CoatingsPro Magazine

MAY 2018

CoatingsPro offers an in-depth look at coatings based on case studies, successful business operation, new products, industry news, and the safe and profitable use of coatings and equipment.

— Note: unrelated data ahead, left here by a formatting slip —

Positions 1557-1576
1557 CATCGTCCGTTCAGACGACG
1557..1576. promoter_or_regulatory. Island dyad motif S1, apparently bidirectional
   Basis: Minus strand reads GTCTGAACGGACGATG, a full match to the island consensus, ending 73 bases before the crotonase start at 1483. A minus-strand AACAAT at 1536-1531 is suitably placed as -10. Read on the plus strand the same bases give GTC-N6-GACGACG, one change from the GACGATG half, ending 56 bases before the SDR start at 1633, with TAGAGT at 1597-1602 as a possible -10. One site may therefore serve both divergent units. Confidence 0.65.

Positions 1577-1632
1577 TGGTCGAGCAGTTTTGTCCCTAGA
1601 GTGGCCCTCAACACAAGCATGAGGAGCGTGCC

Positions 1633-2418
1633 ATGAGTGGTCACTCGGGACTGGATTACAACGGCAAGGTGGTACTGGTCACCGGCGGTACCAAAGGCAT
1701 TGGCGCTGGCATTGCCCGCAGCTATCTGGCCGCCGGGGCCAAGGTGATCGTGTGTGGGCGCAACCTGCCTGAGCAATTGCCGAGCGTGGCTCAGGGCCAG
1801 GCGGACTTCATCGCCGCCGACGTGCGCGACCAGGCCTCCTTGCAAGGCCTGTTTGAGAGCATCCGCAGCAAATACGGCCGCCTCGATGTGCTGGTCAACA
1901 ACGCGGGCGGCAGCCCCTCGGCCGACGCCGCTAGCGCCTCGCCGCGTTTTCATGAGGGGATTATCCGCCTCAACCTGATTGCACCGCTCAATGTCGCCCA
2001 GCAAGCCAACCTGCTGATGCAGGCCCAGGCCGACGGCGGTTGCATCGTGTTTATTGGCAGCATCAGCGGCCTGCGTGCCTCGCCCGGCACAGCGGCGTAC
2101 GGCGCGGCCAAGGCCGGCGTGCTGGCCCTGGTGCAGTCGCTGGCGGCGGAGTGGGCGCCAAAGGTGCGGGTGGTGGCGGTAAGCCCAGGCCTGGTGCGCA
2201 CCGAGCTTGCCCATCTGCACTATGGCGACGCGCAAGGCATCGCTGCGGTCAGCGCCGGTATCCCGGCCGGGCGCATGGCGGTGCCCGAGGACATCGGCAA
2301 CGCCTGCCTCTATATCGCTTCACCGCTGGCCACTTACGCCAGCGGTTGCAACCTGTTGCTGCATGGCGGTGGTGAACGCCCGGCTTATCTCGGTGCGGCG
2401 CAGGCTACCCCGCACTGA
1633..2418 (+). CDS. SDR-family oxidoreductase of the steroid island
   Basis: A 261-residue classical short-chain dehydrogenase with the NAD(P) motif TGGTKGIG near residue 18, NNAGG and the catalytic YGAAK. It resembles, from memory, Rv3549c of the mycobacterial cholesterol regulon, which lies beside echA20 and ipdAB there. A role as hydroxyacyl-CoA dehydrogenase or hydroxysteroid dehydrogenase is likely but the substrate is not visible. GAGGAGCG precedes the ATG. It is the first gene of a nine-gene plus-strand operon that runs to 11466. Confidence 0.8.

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68 MAY 2018 COATINGSPROMAG.COM Science Behind It W hat started out as an extensive value engineering (VE) effort on a recent mixed- use multifamily project, the Leadership in Energy and Environmental Design (LEED) Platinum Certified Keauhou Lane project in Honolulu, Hawaii, quickly became a study in exterior envelope assemblies. In an effort to reduce costs from the exterior envelope system that had been carried on the project since its incep- tion, the project's general contractor was proposing to revise the entire exterior assembly. It was to go from a metal panel and cementitious panel rain screen assembly to an exterior insulation finishing system (EIFS). History of EIFS W hen EIFS assemblies started to make their way to market, many of the assemblies were presented as barrier, or face-sealed, systems that did not have a full drainage assembly behind them. is meant that any water that was able to make its way behind a poorly caulked back-wrapped condition, a fairly common occurrence, would not be able to make its way out of the structure. As such, the late 1980s saw a good amount of leak claims and EIFS-related litigation, which in turn gave EIFS as a product a bit of a black eye. e counter argument, of course, was that it wasn't a failure of the product but more specifically a failure of the labor and the installation. (Remember that poorly caulked back-wrap condition? is is where it rears its ugly head.) In recognition of this reality (i.e., even with the best tradesmen on your project, all joints and installations cannot be expected to be perfectly sealed), the EIFS industry and the building codes finally started to change, and they now require exterior exposed assemblies to be drainable assemblies, allowing any trapped water a way out of the envelope assembly. Current Systems Because of the historical issues of EIFS, we needed to agree on a fully drainable system prior to launching into project detailing. Furthering this argument was an understanding of the climate that this particular project was being built in: the hot and humid climate of Honolulu, Hawaii. W hile it is true that some of the older EIFS installations did not reveal major issues in their life cycles in hot and dry climates, it needs to be understood that those climates would allow higher rates of drying due to their climate. Inasmuch, envelope intrusion and moisture damage is typically as simple as understanding the flow rates of the moisture that are allowed to get into the envelope assembly. In short, if the water is not able to dry out and evaporate, which may be the case in dry, hot climates, it needs a path that will allow the water back out of the building. In Honolulu's humid climate with annual rainfall typically exceeding 20 inches (50.8 cm) and humidity that can hang around 90+ percent from August to November, there is little hope that the climate will be your friend and dry out any water in your building envelope. Current drainable EIFS assemblies tend to be fairly similar, and they usually employ a barrier assembly at the exterior over a rigid insulation over a drain- age cavity protected by a weather barrier over sheathing. is combination of assemblies allows any trapped moisture that does work its way into the assembly to run back out through weeps at the base of the assembly. For instance, at Keauhou Lane, we utilized a propri- etary manufacturer's air/water barrier that was applied continuously over the sheathing. In applying the continuous insulation for the system, the product required vertically notched adhesive beads to be employed, which create verti- cal paths of travel for any moisture to make its way to the base of the assembly and ultimately out. W hether utilizing vertical trowel-notched adhesive channels, textured building wraps, or other approaches for drainage, the constant in all approved exterior EIFS assemblies is a drainage plane behind the initial barrier assembly that allows water to escape your envelope once it finds a way in. Mission Critical While the concept of a fully drainable EIFS assembly is far from rocket science, it is very much mission critical. With a well-de- signed and implemented drainable assembly, EIFS can be a viable envelope option for any climate as long as the details and science of the specific project are understood by all. CP Drainable EIFS Assemblies By Phil Camp, AIA, LEED A.P., WELL A.P., Principal at hi.arch.y llp

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